Connecticut's Advance Mold expanded in tough times

By: 
February 22, 2011

In 2008, when the first wave of the recession hit, Manchester, CT-based Advance Mold & Manufacturing Inc. began adding 30,000 ft2 to its facility, doubling the size of its custom moldmaking plant. In May 2010, Advance held an open house to showcase the new addition that drew attention even from the state's governor, Jody Rell, who attended the event, according to Adam Cole, New Business and Marketing Manager for Advance Mold in an interview at the MD&M Plastec West trade show in Anaheim, CA.

Also in 2008, Advance started work on a 24,000-ft2 technical center in a leased building across the street from the moldmaking facility. Completed in 2009, the technical center provides bays for developing manufacturing cells, mold validation, process development DOE, and automation, using customer presses or one of Advance Mold's presses.

The technical center contains four sampling presses: a 28-ton LSR machine; a 110-ton Cincinnati; a 220-ton Arburg 2-shot press; and a 500-ton Engel. Cole notes that the company recently completed two manufacturing cells for customers, one of which will ship to Malaysia and the other to Mexico.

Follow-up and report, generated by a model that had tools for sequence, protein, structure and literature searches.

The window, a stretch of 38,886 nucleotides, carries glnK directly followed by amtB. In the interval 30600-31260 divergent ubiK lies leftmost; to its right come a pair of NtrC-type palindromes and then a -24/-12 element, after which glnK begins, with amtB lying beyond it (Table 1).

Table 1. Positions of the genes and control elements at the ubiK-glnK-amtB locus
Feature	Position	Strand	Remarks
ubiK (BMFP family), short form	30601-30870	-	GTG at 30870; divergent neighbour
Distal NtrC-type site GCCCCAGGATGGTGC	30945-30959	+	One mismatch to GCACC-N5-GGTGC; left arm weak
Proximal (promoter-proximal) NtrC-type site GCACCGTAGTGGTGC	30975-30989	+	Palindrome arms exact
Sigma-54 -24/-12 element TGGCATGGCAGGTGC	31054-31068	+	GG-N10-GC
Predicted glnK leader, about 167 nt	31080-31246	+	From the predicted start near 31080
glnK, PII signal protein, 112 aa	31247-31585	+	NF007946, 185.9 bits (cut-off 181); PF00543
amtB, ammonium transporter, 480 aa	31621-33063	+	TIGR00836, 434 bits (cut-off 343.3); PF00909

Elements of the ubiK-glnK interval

2010 turned into a banner year for Advance Mold, which Cole attributes to three major factors. "First, because of recession and downsizing in the industry, we had less competition from the shops of the caliber required to build the technologically complex molds that we build, typically 32- to 64-cavity and up," he explains.

And second, "The addition of the technical center, which allows us to provide turn-key services, quick response time for de-bugging, trouble shooting, and qualifying molds, also gave us new opportunities with both current and new customers."

Third, Advance Mold partnered with two companies to provide mold details with conformal cooling channels using a DMLS process. "Some of our customers are taking advantage of conformal cooling—non-traditional cooling paths—using a powder form of 420-stainless steel in a direct metal laser sintering process," Cole adds.

The result? "Starting eight months ago we were the busiest we've been in our 51-year history," comments Cole, adding that the company is experiencing "a continuation of that business increase with sales and deliveries currently out to the June-July time frame. Based on our customers and industry contacts feedback, we're confident that will continue through the year." —Clare Goldsberry

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